The double-lives of married women

Before the Great Depression single women tended to work in the paid labour force while married women worked primarily in the household. Although a sexist division of labour this meant both men and women lead single lives: you either worked outside or inside the home. World War II brought many married women in Canada into the paid labour force for the first time. They began to lead double-lives: taking care of the family, while simultaneously participating in the paid labour force. After the war, men returned to once again take up a single life in the public sphere. At home they could relax and enjoy themselves and do a few household chores. Ever since a growing proportion of women lead double-lives.

Initially this issue did not draw a lot of attention. Men still dominated the workplace and politics, while many women felt empowered by their new role outside the home. The women’s movement in the 1960’s raised the profile of this issue, starting a debate over wages for housework.

Still, popular culture and the mass media advocated the double-life. Advertisements such as the infamous “Enjolie Perfume for Women” that aired in the 1980’s sold the double-life as something to be desired. A combination of these ideals led to a small drop in female housework from the 1960’s to 2000, but the growing rate of female participation in the labour force continued to strengthen the issue. As this graph showing the evolution the evolution in Atlantic Canada clearly shows:

So where is the double-life trend headed today? Fortunately, more Canadians are becoming aware of the issue. Belief that housework ought to be shared if both partners participate in the labour force is growing. Unfortunately, recognition and action are not the same. Women still do approximately two-thirds of all housework. The progress that is being made is slow. A 2011 Statistics Canada study conducted by Katherine Marshall  shows that younger men are slowly stepping up to complete housework tasks, such as grocery shopping, while women are doing fewer daily hours of housework than previous generations. Generation Y (1980’s – 2000) is thus the closest ever to equal overall division of housework.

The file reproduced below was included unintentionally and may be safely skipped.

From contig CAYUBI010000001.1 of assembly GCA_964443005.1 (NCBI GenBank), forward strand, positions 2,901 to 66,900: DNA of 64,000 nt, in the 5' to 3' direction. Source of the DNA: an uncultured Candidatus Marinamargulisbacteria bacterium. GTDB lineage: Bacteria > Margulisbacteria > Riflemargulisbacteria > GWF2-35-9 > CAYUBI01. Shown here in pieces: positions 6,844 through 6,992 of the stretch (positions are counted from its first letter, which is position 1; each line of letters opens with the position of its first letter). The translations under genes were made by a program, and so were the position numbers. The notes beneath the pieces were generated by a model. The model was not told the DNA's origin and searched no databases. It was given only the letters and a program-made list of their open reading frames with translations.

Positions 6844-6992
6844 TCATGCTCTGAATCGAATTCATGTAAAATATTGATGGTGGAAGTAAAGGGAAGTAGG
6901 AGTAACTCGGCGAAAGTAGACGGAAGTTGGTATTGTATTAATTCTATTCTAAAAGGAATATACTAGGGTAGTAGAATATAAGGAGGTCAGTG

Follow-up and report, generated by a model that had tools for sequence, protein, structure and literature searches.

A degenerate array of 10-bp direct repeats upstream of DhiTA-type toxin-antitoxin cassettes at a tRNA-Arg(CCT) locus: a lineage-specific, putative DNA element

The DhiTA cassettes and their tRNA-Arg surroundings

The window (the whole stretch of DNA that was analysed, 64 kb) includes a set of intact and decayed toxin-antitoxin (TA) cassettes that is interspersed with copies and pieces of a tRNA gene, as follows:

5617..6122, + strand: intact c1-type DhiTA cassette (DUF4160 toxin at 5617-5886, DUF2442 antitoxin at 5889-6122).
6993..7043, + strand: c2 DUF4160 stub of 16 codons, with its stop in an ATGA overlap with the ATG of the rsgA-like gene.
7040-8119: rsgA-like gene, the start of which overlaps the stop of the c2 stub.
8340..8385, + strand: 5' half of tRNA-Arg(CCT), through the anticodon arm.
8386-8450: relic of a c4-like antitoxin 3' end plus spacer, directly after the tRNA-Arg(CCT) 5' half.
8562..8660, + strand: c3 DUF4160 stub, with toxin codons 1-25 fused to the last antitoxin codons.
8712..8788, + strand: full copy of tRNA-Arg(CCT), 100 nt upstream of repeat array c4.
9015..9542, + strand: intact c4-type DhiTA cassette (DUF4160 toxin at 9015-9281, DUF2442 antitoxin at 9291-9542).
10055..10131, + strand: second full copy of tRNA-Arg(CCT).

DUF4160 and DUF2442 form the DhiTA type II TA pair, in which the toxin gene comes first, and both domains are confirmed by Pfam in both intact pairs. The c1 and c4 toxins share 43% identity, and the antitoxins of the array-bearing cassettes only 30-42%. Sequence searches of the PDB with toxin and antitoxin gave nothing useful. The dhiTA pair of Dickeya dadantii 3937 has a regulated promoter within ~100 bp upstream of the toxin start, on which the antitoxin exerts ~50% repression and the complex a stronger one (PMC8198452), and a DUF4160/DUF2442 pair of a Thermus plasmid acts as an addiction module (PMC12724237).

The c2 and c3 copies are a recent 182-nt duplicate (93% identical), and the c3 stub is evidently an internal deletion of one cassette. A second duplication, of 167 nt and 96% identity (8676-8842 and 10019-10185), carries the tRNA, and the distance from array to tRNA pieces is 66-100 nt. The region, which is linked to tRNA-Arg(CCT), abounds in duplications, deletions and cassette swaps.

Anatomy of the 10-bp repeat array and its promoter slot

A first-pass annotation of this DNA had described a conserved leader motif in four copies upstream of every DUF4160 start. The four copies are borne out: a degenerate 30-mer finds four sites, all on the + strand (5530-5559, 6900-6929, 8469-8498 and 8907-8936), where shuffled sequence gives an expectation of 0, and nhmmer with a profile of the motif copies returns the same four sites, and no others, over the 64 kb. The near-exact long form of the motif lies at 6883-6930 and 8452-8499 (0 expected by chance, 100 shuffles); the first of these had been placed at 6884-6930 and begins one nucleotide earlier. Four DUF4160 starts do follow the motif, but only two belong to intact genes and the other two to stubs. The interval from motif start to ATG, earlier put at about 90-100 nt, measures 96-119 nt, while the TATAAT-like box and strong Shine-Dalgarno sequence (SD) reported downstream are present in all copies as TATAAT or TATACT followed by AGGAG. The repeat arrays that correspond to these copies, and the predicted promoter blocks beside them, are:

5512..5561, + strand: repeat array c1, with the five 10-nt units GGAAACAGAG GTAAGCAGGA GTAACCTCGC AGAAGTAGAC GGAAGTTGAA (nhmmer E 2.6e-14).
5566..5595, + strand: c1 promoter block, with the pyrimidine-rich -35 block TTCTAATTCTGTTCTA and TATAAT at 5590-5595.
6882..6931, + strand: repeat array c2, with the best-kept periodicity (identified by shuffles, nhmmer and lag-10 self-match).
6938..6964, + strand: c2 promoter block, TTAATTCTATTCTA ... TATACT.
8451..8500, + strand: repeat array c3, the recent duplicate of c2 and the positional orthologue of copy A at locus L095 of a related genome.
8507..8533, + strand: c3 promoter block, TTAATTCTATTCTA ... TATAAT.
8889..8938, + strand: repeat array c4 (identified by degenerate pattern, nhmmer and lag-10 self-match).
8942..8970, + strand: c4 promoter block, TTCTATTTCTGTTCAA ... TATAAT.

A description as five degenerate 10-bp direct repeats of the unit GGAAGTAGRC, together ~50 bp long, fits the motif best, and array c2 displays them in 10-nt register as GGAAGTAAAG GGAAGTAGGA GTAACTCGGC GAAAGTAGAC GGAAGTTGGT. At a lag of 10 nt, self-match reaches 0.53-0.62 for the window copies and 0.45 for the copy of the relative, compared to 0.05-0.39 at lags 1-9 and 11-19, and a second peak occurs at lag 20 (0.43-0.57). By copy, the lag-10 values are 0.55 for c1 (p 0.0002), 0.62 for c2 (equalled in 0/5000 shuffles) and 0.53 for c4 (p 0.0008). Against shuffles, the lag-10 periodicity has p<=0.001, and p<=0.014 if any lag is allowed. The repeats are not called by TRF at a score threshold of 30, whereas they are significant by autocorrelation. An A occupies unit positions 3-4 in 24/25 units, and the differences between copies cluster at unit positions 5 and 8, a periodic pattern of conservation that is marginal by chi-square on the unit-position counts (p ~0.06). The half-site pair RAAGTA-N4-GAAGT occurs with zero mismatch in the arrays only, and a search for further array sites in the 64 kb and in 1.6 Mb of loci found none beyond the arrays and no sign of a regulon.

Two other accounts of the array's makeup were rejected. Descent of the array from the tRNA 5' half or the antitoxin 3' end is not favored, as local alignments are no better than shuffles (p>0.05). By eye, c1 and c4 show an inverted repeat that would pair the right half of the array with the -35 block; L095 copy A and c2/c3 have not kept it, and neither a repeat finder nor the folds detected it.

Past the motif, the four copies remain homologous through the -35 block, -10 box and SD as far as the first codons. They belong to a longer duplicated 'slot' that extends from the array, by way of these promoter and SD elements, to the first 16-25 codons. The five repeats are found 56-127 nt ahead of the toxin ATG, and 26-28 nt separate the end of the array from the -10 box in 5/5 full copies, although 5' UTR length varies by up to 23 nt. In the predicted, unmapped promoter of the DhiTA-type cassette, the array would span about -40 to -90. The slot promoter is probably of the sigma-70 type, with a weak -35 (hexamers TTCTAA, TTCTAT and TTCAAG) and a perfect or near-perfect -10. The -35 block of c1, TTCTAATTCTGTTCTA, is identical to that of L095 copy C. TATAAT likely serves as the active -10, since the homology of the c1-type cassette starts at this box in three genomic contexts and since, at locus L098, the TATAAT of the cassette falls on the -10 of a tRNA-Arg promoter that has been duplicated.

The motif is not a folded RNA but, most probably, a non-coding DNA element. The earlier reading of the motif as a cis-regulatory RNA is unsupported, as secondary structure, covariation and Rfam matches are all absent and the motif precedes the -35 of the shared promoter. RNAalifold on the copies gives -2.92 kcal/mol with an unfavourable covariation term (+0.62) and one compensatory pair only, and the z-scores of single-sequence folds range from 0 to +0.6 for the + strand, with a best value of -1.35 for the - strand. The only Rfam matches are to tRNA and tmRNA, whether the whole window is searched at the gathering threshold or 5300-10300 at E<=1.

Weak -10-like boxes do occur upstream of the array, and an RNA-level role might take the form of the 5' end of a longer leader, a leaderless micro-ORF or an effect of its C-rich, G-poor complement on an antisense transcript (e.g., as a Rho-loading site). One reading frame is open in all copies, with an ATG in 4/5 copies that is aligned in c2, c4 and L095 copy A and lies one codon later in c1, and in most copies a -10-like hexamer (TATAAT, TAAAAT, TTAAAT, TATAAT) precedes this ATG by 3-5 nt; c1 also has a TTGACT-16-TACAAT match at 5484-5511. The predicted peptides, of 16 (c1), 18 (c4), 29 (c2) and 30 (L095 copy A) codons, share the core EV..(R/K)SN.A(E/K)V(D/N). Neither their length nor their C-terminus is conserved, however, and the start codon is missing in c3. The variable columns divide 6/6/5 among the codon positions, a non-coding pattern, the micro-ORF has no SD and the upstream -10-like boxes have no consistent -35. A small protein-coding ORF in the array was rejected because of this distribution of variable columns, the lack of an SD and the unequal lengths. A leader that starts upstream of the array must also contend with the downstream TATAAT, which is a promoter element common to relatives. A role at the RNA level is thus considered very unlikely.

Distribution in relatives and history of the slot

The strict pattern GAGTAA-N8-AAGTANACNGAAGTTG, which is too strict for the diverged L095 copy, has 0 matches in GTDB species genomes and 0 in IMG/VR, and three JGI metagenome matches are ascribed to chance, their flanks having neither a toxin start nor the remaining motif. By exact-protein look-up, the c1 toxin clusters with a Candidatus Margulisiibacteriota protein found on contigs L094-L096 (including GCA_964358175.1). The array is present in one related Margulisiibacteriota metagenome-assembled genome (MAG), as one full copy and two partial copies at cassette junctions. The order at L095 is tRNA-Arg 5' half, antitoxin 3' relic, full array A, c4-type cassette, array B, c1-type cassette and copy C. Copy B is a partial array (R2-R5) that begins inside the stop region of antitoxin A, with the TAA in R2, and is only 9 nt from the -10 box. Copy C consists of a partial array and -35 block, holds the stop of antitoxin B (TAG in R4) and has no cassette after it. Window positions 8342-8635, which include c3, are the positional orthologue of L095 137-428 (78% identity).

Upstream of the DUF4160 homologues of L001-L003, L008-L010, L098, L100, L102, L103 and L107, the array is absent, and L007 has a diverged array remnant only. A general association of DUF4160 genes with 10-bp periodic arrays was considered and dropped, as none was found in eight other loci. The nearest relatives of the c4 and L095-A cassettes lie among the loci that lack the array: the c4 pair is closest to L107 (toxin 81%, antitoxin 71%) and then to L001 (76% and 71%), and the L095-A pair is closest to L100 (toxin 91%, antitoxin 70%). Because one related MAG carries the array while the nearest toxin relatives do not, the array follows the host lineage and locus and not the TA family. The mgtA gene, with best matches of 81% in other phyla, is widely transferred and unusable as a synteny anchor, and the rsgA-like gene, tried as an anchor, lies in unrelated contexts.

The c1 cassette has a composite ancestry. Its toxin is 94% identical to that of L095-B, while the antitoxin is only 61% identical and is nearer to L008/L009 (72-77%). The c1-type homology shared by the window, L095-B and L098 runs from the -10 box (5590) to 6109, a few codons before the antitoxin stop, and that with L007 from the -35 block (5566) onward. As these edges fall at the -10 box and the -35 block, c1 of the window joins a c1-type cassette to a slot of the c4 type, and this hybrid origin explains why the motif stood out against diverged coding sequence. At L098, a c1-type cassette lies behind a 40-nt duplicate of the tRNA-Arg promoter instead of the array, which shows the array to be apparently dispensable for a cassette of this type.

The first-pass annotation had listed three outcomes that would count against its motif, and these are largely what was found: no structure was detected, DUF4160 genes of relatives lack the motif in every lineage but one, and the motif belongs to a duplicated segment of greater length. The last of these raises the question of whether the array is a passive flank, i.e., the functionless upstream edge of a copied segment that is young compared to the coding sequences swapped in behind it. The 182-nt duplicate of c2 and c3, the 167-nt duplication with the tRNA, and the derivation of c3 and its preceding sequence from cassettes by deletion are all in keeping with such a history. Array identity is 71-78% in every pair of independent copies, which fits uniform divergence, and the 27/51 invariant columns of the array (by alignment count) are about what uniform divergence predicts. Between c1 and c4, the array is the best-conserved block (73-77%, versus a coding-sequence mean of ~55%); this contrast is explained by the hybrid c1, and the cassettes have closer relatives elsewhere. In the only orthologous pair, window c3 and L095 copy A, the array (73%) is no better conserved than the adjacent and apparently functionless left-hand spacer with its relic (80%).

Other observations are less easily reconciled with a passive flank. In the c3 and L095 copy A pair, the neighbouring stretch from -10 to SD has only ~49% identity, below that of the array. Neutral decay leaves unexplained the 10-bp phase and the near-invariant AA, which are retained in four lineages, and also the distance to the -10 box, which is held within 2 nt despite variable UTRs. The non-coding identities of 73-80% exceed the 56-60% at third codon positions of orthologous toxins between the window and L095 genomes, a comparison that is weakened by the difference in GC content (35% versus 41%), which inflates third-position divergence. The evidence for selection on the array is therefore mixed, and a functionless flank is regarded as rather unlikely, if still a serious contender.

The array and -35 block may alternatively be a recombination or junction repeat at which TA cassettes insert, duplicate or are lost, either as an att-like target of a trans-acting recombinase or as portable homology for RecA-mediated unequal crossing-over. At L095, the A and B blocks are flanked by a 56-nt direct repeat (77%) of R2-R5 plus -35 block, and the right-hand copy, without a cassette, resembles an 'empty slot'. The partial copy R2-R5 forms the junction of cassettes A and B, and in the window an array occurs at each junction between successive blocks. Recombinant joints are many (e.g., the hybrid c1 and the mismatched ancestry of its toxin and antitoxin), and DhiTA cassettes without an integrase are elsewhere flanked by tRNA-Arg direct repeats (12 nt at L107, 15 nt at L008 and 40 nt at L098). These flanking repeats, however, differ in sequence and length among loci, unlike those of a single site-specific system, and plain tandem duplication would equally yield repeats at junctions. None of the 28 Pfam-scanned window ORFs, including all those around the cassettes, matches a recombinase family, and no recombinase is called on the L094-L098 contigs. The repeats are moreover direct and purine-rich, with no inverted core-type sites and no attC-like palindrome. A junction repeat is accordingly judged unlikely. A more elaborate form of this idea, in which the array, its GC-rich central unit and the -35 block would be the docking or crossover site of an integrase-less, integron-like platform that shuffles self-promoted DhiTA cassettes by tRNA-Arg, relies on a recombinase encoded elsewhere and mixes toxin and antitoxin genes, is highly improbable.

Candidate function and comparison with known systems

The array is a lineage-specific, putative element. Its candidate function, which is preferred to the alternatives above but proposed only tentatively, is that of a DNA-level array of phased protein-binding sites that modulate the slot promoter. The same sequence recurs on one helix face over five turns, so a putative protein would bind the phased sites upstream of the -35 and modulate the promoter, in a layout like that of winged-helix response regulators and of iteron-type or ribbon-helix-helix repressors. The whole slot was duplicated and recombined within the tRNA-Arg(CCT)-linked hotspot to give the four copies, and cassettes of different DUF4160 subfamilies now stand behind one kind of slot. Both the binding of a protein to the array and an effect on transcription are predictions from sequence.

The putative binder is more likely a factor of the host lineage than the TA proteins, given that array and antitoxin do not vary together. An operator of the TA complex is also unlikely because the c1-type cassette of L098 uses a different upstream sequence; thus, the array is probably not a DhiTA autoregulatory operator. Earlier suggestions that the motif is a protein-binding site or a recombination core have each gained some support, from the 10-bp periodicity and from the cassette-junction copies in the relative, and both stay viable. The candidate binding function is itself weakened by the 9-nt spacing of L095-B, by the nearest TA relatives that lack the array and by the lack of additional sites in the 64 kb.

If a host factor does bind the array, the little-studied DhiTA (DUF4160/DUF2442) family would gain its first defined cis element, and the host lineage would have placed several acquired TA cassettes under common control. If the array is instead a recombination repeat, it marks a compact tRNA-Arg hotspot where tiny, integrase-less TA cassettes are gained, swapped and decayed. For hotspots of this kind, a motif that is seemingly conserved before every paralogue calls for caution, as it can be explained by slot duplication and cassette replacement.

Graph comparing the division of labour within young couples over three generations.

With our beliefs changing our actions may soon catch up, but progress is slow and difficult to obtain. Women are no longer solely responsible for housework, although they still do most of it. The time of the double-life of married women in Canada is coming to a very slow but steady end as public awareness and equality take a firmer hold on Canada.

Brett Keeping

Suggested Reading:

The leading authority in the field is Marilyn Waring (see Resources) and there is our case study exploring the broader issue of unpaid labour. Also very useful is “Women & Unpaid Work.” Women & The Economy: A Project of UNPAC. by the United Nations Platform for Action Committee. Web.

Sources:

Angelini, Paul. Our Society: Human Diversity in Canada. 4th ed. Toronto: Nelson Education, 2011. 217 – 237.

CanWest Media. “Gender roles around the house are changing Men taking on more household chores.” 2008.

Marshall, Katherine. Canada. Statistics Canada.Generational change in paid and unpaid work. Ottawa: , 2011. Web.

PEI Advisory Council on the Status of Women.”Women and Unpaid Work – Milestones in Canada.”. Web.

Statistics Canada. Daily: Women in Canada: Paid Work. Ottawa: , 2010. Web.

Statistics Canada. Census of Canada Labour Market Activity and Unpaid Work Reference Guide. 2006, Web

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